I can still remember it like it was yesterday. There I stood on the front porch staring out into the darkness. The tears came as they inevitably do and I wiped them away with a napkin plucked hastily from the kitchen counter.
I could just barely make out his silhouette in the darkness, as he stood by the open gate waiting for the car to pull around. I just stood there as I watched the gate close until the tail lights finally disappeared in the distance. And, just like that, my boy was gone again.
He hugged me in the kitchen before he walked out the door and didn’t let go until I signaled it was ok. He allowed me to linger for just an extra squeeze because he knew I needed it.
I asked myself, “will it ever get better?” Will I ever get to the place where seeing my kids leave is easier to take? Of course, my heart knows the answer before I ask it…No.
The pain I felt was raw and real, but it is not one that I would ever trade. Simply put, my then 20 year-old was happy and well-adjusted with a world of possibilities on the horizon. He’s now 23 and preparing to marry.
Ah yes, seeing my kids go rips me up each and every time, but I cannot envision a scenario where their closeness could ever be best for them or for me in the end.
Here’s the thing…pain delayed is no less painful. Sometimes we find ourselves avoiding difficult situations because we fear the inevitable pain waiting around the corner….we don’t want to cry and we don’t want to lose control. However, if you stop to consider the alternatives, you instinctively know that painful emotions are just part of the right course.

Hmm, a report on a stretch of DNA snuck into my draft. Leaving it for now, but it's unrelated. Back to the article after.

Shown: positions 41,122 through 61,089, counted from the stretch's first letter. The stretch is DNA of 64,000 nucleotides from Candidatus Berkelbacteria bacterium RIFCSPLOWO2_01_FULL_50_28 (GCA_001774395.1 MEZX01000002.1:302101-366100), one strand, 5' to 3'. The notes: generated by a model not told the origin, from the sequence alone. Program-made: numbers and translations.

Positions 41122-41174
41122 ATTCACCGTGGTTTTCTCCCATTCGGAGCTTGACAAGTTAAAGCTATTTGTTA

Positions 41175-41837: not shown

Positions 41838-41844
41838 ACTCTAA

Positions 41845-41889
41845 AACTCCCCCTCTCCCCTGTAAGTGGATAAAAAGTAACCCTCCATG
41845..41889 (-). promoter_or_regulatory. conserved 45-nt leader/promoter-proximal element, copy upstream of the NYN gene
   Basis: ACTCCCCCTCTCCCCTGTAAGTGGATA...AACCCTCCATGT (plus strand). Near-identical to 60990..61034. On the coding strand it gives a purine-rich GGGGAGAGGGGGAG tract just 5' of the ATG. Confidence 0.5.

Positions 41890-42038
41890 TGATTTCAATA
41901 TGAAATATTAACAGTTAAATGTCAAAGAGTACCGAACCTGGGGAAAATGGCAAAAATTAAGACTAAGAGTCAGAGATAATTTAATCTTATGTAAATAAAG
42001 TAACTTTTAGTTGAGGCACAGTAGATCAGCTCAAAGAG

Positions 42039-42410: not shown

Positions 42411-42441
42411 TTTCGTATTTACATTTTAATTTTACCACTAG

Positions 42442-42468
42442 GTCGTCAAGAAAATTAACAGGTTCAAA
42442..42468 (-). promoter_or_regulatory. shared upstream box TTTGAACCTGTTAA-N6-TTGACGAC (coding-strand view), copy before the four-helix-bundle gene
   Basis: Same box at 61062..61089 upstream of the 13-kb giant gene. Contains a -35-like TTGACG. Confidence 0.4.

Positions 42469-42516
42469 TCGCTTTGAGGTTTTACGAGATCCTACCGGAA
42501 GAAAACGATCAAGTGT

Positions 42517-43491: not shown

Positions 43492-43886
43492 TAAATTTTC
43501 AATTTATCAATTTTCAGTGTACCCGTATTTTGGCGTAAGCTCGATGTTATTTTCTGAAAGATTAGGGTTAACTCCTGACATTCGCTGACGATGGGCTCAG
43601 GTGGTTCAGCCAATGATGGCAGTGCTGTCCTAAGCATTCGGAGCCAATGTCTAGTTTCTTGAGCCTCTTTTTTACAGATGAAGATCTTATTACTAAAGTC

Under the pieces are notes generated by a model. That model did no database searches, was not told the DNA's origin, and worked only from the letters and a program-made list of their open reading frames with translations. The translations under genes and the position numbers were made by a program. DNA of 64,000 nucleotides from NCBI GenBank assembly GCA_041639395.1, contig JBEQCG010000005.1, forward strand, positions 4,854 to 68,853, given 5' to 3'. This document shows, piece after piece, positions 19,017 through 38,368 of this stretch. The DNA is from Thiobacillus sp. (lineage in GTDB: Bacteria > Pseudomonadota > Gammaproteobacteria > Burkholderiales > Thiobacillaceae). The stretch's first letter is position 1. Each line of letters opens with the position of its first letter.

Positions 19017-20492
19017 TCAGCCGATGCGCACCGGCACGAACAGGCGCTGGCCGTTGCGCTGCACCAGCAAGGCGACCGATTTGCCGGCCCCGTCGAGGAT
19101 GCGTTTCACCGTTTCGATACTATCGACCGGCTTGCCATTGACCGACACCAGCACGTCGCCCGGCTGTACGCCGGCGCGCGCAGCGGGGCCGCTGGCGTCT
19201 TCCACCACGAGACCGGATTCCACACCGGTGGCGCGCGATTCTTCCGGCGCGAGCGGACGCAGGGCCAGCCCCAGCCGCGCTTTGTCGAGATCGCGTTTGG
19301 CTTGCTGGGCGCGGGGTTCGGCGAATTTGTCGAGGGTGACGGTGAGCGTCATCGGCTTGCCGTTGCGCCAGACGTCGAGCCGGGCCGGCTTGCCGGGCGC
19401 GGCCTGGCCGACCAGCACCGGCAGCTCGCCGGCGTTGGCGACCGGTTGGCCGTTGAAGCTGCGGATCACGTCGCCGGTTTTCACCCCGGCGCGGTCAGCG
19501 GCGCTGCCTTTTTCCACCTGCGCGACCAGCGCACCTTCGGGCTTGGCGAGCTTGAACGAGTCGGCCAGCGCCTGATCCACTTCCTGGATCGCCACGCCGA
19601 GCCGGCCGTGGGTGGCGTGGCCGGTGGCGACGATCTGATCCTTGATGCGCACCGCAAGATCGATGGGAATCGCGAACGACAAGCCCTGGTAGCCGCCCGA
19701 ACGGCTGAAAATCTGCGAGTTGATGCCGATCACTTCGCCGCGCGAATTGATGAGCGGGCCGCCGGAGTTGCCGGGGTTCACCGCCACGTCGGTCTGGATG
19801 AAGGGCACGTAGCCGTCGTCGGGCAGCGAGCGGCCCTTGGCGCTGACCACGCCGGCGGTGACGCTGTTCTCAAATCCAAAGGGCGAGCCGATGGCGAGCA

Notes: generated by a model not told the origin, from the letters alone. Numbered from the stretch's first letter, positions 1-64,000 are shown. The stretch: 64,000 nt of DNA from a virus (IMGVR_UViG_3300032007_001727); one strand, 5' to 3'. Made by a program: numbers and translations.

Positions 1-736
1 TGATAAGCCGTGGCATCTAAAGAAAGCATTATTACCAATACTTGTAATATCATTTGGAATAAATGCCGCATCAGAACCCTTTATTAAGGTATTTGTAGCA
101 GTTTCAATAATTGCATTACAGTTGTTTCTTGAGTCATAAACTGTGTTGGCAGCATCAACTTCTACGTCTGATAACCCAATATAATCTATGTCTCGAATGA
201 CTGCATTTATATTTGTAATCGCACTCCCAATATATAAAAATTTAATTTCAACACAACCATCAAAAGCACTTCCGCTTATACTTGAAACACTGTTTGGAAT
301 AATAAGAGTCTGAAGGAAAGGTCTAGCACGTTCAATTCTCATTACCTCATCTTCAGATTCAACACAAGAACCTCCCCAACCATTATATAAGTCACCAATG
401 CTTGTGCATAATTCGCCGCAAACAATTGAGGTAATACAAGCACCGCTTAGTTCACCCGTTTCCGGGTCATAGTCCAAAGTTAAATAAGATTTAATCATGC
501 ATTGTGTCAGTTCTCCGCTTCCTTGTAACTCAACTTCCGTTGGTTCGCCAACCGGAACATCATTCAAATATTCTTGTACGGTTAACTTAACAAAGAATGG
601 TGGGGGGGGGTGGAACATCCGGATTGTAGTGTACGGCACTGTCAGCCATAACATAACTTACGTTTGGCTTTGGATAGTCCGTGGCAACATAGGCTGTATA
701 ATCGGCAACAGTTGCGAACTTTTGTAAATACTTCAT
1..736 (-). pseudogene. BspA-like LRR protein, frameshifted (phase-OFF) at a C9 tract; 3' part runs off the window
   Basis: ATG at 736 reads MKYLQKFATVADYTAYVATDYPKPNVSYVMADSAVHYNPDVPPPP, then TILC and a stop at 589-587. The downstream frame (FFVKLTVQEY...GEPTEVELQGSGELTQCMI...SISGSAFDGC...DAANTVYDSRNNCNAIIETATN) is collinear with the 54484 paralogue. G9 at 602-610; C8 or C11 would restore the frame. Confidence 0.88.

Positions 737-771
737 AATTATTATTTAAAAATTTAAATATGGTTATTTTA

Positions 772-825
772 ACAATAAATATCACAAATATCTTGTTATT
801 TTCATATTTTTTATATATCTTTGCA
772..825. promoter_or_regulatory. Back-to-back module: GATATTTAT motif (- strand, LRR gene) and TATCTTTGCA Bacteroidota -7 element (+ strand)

Although I feel this same pain every time my kids leave, it doesn’t dampen the joy I feel at each reunion. I bask in each and every moment even though I know another separation is inevitable.
Just because a decision or step is painful, doesn’t mean it’s the wrong one.
Are you dreading or putting off a difficult situation because you fear the pain it will cause for you or others? Here are a few steps for facing painful emotions.
Denial only prolongs your grief. When you try to mask your pain, you can inadvertently give it room to grow and seep into other unrelated areas of your life.
In fact, the field of counseling largely works on the premise of allowing people to voice their pain. So, find a way to express your pain. Crying, talking, praying and writing are all therapeutic.
None of us know what tomorrow holds. Consequently, there’s no way to completely insulate yourself from what may happen or from something someone else may do.
Unfortunately, past pain can cause us to preempt all joyous occasions with unrealistic assumptions that the ball will drop at any moment. This impending feeling of doom can end up sapping the joy from every situation.
Instead, try to live each day for what it is. Take time to notice your blessings and express thankfulness.
In my case, my son’s departure was natural and right. When I am tempted to pity myself, I remind myself how bad it would be if he was not emotionally prepared to live away from home.
What would things be like if you had not made that painful choice? Sometimes, we have to move through the pain before we can open ourselves to new possibilities.
Don’t allow painful experiences to rob you of all positive memories.
Inevitably, you choose how you will live the rest of your days. Choose to let the pain go...choose to face painful emotions; knowing that God holds your future in His hands.
Jeremiah 29: 11
11 For I know the plans I have for you,” declares the Lord, “plans to prosper you and not to harm you, plans to give you hope and a future.
Sometimes, pain is just a natural step in the progression of life. It is often through facing painful emotions that we find the strength and the impetus to tackle new challenges in the future.
But, we can be assured that God always has a plan and He always has our backs.